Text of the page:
Tuesday, April 24, 2007

Tuesday April 24th


To Brompton Oratory for a Board meeting of the UK section of the international charity Aid to the Church in Need. As always, lots to plan and discuss. All sorts of good things happening: a recent wonderful pilgrimage to Walsingham, sales of v. popular Easter cards (the office actually ran out of all stocks and there'll have to be a massive printing next year. This is great for fund-raising...but my heart sinks slightly. Does this mean that sending Easter cards is going to be like the Great Christmas Card Hassle each year, with days and days spent over address-book and lists???. Oh dear...) Over lunch, a discussion on, among other things, the situation of the Church in Pakistan (where ACN is giving help to a number of churches), the plans for future activities of the charity in Britain.

Much discussion, too, about the Internet. I sometimes think that what is being cosily termed the "Catholic blogosphere" is a good deal smaller than it seems: I get a lot of hits on to this blog but I suspect that many are from people who simply like cruising from Catholic blog to Catholic blog within a limited frame of reference and they visit a rather small number of blogs but very frequently.. That doesn't mean I'm reaching many people: it means that a smallish number visit me - and a smallish group of other blogs - a lot! One can see the emergence of a group-culture within this (friendly and pleasant, but nevertheless rather inward-looking?) group: in-jokes,chatty references, etc within a limited network. No,no...I'm not objecting. But it's not quite the wide-ranging readership I had imagined might be out there...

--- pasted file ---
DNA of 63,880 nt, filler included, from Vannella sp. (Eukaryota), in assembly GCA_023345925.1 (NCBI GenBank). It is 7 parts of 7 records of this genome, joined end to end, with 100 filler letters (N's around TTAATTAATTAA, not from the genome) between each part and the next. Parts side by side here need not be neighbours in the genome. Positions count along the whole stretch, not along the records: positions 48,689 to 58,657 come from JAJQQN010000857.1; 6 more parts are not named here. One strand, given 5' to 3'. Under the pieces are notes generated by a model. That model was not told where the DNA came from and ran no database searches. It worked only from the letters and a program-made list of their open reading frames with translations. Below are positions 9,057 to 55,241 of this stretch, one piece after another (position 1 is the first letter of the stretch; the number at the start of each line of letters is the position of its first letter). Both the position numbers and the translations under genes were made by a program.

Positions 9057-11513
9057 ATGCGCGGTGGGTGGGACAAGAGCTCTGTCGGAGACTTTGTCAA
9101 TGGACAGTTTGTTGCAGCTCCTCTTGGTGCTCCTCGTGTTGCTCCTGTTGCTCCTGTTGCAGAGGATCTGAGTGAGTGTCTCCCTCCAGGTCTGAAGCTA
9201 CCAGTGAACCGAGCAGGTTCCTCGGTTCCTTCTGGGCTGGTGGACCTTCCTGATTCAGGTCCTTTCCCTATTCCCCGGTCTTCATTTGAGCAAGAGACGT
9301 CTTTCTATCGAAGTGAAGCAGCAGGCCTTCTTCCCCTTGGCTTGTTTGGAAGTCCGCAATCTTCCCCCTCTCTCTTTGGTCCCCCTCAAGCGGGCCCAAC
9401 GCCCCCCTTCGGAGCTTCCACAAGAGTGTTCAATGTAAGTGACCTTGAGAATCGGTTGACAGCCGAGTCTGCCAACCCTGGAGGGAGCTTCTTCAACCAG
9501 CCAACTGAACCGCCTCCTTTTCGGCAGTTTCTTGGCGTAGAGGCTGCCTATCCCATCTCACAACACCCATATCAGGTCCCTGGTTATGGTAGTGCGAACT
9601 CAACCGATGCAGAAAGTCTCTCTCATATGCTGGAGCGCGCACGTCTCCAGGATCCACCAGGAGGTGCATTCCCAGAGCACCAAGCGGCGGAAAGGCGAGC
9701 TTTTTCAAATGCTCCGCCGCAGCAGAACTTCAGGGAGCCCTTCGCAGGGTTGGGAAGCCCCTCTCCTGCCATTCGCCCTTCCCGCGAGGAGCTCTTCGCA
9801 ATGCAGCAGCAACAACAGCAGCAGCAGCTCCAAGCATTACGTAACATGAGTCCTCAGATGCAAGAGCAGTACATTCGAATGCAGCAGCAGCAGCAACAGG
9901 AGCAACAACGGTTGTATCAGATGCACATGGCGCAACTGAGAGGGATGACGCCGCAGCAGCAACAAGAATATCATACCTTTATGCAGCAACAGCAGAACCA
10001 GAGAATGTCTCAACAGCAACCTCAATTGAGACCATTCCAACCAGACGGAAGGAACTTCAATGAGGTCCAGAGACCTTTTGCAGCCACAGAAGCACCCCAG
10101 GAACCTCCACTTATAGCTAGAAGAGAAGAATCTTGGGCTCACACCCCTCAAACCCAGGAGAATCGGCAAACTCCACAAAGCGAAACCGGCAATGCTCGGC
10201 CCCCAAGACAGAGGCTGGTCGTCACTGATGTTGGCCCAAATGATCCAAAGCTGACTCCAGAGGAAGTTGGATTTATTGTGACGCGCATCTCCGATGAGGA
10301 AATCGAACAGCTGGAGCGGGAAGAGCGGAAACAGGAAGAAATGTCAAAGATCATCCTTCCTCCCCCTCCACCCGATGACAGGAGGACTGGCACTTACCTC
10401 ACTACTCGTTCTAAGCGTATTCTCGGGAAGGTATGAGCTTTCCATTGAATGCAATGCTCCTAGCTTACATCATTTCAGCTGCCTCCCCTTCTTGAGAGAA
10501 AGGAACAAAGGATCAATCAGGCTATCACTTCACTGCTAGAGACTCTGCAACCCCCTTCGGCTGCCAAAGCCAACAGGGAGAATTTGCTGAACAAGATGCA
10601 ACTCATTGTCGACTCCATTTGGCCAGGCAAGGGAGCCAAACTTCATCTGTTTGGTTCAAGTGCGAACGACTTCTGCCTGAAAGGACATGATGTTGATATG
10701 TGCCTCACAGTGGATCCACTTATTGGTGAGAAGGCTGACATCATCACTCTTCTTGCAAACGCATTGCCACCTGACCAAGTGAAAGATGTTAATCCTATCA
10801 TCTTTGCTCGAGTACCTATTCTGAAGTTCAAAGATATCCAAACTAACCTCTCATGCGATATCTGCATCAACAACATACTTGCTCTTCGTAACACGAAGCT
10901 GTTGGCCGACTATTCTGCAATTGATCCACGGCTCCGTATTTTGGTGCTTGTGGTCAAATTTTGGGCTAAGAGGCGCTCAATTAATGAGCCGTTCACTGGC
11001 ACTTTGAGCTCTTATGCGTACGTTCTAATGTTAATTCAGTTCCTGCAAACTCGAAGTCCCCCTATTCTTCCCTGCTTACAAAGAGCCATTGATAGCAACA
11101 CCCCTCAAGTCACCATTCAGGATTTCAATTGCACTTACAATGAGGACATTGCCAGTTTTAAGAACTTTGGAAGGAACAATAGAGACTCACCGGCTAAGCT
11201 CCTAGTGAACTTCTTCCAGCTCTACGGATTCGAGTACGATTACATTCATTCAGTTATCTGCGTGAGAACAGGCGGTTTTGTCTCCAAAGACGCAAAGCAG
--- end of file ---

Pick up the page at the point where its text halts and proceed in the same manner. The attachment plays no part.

So if you are a new reader, and/or you are some one who doesn't just like reading Catholic blogs, do drop me a comment! I'd like to know about you!


Mulier Fortis said...

Joanna, double-click on the SiteMeter button on the bottom of your blog... that will show you how many readers you get in a day, and where they're from (well, where the last 100 were from)

You're currently on about 200 visitors a day. That's not chickenfeed. And not all of those will check your blog every day. Hardly a small group of inward-looking bloggers!

Anonymous said...

Ever tried Sitemeter? It shows you exactly where people are coming from. Or ClustrMap is good, too, shows graphically where your viewers are, as opposed to the numerics of Sitemeter.

Anonymous said...

Hi Joanna, shouldn't you have a link to Universalis somewhere, so that people can get their daily fix of spirituality? It has a blog as well, which you may find interesting; or not...

The Ronald Knox piece I was suggesting to you is here but I hold no particular brief for that blog!

Anonymous said...

Hello auntie joanna, I found your blog through a link from one by a friend (or was it a link from a link - I sometimes follow a chain of links to see where I get to) I have popped in a couple of times since as I find your articles interesting.

Anonymous said...